The media is all atwitter over the decision of the Illinois House committee considering articles of impeachment against Gov. Rod Blagojevich to deny the request by Blagojevich's attorneys to subpoena Obama aides Rahm Emanuel and Valerie Jarrett. The House decision comes at the request of U.S. Attorney Patrick Fitzgerald, who is concerned that the subpoenas may interfere in the criminal case against Blagojevich.
The media has it both right and wrong. Right, the House apparently made the decision not to issue subpoenas. Wrong, that Emanuel and Jarrett won't have to testify at some point. The media is failing to draw the distinction between the House proceedings drafting articles of impeachment, and the actual trial.
The legislative process to draft articles of impeachment is under the complete control of the House Democratic majority, which among other things, has denied both Blagojevich and House Republicans the right to issue subpoenas. The legislative process is purely political, and the politics of the Democratic majority and Fitzgerald are perfectly aligned for now. Once the articles of impeachment are passed, however, the political process and Fitzgerald lose some measure of control.
Article IV, Section 14 of the Illinois Constitution provides that once the House has impeached the Governor, "[i]mpeachments shall be tried by the Senate. When sitting for that purpose, Senators shall be upon oath, or affirmation, to do justice according to law. If the Governor is tried, the Chief Justice of the Supreme Court shall preside. No person shall be convicted without the concurrence of two-thirds of the Senators elected."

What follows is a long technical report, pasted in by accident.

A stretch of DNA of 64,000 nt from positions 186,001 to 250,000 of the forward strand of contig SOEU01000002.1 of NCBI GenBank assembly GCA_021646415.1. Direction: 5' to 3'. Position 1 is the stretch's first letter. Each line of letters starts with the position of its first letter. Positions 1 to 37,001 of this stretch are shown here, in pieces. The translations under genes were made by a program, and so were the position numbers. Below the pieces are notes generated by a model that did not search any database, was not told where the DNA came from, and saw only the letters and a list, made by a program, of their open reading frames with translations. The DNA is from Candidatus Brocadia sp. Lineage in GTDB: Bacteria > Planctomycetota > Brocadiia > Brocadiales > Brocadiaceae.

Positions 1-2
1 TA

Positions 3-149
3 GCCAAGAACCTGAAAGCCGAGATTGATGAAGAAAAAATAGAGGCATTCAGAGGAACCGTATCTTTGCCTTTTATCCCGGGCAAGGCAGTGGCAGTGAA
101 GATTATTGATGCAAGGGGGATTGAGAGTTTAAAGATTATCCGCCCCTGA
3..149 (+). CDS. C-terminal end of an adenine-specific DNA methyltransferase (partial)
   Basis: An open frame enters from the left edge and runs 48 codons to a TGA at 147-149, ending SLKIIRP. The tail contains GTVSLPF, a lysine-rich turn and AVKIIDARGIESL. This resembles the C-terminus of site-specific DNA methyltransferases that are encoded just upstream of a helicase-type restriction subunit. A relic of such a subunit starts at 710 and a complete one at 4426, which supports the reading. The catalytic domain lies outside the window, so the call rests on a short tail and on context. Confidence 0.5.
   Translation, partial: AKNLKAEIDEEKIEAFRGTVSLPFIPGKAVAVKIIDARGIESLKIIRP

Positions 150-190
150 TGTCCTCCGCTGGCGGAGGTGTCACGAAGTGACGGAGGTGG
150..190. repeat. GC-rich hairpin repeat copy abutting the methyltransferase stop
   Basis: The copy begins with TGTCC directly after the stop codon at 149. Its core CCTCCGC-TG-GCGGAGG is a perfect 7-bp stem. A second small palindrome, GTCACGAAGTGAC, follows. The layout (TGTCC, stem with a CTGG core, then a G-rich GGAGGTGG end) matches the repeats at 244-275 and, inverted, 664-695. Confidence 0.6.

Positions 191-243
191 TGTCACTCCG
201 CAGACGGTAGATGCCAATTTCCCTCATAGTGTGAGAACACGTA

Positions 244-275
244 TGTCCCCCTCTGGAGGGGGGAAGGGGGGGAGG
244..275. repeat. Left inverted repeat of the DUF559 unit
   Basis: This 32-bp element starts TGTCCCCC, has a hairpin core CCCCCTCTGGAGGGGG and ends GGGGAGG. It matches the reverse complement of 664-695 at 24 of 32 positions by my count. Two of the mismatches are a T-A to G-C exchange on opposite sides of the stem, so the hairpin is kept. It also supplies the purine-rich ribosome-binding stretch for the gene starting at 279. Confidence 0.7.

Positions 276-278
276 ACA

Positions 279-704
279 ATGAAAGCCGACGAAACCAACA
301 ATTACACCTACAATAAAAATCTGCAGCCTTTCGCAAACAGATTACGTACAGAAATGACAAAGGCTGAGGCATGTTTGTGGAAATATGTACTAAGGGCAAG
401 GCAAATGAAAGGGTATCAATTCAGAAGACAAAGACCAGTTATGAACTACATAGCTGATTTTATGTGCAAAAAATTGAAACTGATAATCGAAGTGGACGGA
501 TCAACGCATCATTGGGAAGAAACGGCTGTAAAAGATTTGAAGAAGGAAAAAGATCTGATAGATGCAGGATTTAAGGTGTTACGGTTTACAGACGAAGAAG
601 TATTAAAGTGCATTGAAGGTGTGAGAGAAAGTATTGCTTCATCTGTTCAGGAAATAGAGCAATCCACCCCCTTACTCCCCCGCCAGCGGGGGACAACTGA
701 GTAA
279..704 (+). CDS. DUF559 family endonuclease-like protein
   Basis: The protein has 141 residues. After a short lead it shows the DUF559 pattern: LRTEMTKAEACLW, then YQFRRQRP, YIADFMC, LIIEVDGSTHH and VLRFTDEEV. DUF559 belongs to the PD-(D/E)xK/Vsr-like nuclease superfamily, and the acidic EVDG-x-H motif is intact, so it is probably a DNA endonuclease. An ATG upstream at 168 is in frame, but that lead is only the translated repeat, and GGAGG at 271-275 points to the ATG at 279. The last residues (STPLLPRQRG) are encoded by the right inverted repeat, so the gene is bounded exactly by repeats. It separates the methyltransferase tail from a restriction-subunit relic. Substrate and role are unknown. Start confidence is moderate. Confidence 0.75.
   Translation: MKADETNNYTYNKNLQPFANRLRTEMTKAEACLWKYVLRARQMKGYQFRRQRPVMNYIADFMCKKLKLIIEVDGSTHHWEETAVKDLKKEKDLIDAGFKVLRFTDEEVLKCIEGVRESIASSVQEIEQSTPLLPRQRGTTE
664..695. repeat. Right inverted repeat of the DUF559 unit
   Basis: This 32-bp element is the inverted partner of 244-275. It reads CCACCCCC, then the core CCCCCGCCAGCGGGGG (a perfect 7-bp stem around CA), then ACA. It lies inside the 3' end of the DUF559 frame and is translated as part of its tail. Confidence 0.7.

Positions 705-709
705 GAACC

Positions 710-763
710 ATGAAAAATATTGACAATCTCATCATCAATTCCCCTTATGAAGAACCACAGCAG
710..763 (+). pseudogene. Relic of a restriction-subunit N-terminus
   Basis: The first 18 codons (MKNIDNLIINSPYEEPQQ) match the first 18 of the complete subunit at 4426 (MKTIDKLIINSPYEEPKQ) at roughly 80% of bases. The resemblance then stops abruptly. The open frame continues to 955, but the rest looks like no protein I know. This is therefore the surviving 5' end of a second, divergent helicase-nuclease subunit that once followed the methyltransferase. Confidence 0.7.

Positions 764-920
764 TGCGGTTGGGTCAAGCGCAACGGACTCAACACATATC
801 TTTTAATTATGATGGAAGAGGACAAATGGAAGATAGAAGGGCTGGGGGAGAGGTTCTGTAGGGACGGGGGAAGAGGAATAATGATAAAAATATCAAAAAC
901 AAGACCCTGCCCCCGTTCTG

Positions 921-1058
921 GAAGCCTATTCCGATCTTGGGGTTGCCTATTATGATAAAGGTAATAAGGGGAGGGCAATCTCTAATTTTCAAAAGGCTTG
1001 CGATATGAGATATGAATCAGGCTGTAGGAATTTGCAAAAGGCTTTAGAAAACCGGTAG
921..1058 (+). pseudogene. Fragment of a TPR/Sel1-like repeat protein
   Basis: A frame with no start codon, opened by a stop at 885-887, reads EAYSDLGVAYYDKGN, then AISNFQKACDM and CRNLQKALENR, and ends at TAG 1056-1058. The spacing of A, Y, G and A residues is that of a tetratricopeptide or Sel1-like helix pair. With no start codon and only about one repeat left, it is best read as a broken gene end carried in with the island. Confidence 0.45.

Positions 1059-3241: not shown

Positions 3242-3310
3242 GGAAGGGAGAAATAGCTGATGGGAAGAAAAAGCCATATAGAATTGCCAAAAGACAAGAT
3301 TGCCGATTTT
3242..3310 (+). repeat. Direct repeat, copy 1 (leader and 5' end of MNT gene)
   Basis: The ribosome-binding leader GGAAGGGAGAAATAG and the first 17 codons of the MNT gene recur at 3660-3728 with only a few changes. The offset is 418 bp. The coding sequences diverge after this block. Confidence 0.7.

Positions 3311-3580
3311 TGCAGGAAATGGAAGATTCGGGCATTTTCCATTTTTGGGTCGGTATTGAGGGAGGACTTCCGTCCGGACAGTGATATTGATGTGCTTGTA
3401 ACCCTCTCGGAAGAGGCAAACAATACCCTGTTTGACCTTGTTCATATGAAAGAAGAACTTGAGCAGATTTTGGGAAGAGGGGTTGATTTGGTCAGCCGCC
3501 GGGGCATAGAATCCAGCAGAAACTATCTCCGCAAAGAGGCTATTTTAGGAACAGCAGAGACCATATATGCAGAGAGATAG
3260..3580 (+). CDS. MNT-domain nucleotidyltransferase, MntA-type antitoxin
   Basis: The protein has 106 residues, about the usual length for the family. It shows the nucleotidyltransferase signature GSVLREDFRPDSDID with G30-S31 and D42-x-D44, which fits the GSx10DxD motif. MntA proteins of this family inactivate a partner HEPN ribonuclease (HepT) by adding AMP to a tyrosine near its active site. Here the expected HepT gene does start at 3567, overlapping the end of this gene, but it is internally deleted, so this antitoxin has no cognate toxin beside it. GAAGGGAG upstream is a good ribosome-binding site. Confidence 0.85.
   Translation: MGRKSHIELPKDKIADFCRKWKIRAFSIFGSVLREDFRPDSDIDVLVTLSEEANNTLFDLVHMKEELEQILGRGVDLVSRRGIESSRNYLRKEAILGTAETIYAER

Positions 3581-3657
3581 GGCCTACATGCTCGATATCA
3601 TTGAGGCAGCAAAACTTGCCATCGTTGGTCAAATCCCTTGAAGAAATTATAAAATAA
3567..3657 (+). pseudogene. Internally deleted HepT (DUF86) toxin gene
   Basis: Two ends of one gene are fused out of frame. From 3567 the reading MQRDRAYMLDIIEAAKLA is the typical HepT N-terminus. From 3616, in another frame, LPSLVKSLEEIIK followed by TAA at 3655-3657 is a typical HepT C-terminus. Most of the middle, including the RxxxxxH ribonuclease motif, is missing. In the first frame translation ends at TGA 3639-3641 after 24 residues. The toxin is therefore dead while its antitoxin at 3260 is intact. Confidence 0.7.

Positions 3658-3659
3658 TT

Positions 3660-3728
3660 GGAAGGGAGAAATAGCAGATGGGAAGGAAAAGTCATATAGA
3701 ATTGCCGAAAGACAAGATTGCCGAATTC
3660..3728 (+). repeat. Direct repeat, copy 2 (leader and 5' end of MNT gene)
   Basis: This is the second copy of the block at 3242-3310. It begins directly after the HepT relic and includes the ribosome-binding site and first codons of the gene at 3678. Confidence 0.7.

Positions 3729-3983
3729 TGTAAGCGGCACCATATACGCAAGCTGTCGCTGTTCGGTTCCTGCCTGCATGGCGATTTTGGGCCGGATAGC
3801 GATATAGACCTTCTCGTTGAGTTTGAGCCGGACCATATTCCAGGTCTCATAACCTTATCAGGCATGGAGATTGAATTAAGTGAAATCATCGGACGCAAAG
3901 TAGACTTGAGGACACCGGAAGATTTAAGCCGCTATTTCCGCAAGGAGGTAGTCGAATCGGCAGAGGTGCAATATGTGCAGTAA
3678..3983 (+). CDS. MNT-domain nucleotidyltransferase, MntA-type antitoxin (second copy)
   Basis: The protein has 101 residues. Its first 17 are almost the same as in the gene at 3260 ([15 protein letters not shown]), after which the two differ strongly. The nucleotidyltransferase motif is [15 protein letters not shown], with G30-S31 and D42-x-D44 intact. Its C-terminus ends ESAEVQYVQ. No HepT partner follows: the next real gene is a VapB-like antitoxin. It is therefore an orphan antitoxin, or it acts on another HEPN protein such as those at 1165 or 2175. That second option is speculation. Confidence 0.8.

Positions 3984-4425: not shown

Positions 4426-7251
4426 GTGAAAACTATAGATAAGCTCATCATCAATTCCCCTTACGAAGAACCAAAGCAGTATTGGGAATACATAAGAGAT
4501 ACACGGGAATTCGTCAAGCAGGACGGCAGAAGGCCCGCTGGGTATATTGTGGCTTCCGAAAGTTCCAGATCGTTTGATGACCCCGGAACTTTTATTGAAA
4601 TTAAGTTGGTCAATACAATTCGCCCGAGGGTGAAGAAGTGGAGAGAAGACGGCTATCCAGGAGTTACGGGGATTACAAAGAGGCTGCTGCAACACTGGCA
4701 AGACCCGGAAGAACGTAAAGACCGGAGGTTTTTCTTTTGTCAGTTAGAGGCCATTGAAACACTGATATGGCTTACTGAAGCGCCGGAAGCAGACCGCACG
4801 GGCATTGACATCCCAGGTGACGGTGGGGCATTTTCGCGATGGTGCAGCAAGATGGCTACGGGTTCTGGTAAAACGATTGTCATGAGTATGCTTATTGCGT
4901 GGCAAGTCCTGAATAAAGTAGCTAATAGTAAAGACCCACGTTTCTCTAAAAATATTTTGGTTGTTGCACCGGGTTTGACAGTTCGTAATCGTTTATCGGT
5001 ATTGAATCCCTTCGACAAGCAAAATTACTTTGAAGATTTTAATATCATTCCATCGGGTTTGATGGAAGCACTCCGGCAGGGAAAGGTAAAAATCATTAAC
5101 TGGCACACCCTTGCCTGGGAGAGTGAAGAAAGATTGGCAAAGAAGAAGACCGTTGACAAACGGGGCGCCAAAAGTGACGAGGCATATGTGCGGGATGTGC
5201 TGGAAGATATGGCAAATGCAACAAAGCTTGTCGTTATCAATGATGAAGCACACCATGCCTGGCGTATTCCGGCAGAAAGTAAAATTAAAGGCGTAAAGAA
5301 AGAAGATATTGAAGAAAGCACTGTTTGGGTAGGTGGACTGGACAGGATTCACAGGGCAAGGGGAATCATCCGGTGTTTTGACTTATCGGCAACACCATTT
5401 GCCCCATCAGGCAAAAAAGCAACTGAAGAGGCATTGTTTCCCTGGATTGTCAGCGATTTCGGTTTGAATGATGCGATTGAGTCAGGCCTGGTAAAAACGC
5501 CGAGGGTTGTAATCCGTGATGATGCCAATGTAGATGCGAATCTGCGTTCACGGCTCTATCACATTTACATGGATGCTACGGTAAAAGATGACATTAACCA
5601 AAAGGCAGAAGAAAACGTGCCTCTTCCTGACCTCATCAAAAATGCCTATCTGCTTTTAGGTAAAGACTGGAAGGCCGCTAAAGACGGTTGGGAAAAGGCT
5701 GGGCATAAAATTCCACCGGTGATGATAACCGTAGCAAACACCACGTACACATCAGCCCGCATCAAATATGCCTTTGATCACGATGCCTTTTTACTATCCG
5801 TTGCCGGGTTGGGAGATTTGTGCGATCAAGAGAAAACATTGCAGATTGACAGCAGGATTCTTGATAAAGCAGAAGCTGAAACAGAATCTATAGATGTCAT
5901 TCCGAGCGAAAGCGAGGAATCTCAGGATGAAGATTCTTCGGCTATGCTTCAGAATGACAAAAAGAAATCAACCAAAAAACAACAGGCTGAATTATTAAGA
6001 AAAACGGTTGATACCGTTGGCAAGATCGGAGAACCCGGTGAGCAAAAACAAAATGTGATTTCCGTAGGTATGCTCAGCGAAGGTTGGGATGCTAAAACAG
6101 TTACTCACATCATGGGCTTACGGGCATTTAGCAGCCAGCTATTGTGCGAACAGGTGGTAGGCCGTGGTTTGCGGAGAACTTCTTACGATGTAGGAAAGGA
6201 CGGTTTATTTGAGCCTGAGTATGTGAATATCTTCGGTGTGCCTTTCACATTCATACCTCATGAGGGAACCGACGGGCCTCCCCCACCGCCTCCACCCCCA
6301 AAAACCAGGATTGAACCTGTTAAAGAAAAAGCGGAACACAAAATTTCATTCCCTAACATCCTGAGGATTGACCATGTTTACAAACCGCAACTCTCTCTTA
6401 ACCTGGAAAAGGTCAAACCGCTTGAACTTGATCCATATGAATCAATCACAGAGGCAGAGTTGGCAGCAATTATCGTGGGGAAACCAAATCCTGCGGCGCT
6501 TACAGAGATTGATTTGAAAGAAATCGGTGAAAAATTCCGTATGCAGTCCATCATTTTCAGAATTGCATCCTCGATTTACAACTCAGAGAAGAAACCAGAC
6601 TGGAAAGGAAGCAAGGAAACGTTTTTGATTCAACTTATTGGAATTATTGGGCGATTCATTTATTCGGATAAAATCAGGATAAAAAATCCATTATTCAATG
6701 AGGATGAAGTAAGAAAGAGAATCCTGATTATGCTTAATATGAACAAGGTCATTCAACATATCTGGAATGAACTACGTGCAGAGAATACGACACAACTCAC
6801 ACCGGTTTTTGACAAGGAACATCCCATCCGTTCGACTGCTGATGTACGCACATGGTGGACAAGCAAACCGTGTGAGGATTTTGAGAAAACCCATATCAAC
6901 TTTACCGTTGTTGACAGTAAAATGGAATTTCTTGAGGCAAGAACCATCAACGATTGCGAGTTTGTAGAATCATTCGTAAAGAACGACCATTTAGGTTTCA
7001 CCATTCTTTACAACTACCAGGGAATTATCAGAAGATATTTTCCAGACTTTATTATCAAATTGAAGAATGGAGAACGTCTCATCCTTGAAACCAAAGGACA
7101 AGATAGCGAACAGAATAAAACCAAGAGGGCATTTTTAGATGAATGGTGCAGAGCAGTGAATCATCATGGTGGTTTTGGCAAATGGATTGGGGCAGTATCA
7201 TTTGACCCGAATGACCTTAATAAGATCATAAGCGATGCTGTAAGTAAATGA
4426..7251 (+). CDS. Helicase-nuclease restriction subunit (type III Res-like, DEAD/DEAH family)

The key provisions are the requirement that the Senators do justice "according to law," and that the Chief Justice "shall preside." While there will be plenty of legal arguments over what this means, it is clear that these provisions impose a higher level of due process than the purely legislative House proceedings, which are not limited by such provisions.
At trial, we can expect Blagojevich to renew his request to call any and all witnesses necessary for his defense, and to invoke standards of relevance similar to what prevails in court. Unless the articles of impeachment are so narrowly drawn as to exclude any use of any information in the Criminal Complaint (or anticipated Indictment), it is likely that the testimony of Emanuel and Jarrett will be relevant to the issue, among others, of Blagojevich's alleged attempt to sell Obama's open U.S. Senate seat.
The decisions will be made by the presiding Chief Justice, not House Speaker Michael Madigan or Fitzgerald. While Fitzgerald may request a ruling from the Chief Justice denying Blagojevich the right to call witnesses whose testimony may "interfere" with the criminal case, there is no guaranty that such a request will be granted. If the Chief Justice grants Fitzgerald's request, the result may be a delay in the impeachment trial until after the criminal trial so that Blagojevich receives a fair impeachment trial to which Blagojevich appears to have a right under the Illinois Constitution. By contrast, Blagojevich has no right to a fair impeachment hearing.
At this point, it is far from clear that the legislature will be able to get through an impeachment trial by February 12, 2009, as the Lt. Governor Pat Quinn boldly predicts, or that Obama aides won't be witnesses. My guess is that if there is to be a full Senate trial it will not be completed by February 12, 2009, or any time prior to the criminal trial. If there is a conviction, there will be no need for an impeachment trial. If there is a not guilty verdict, at the impeachment trial Emanuel and Jarrett will be witnesses for the defense.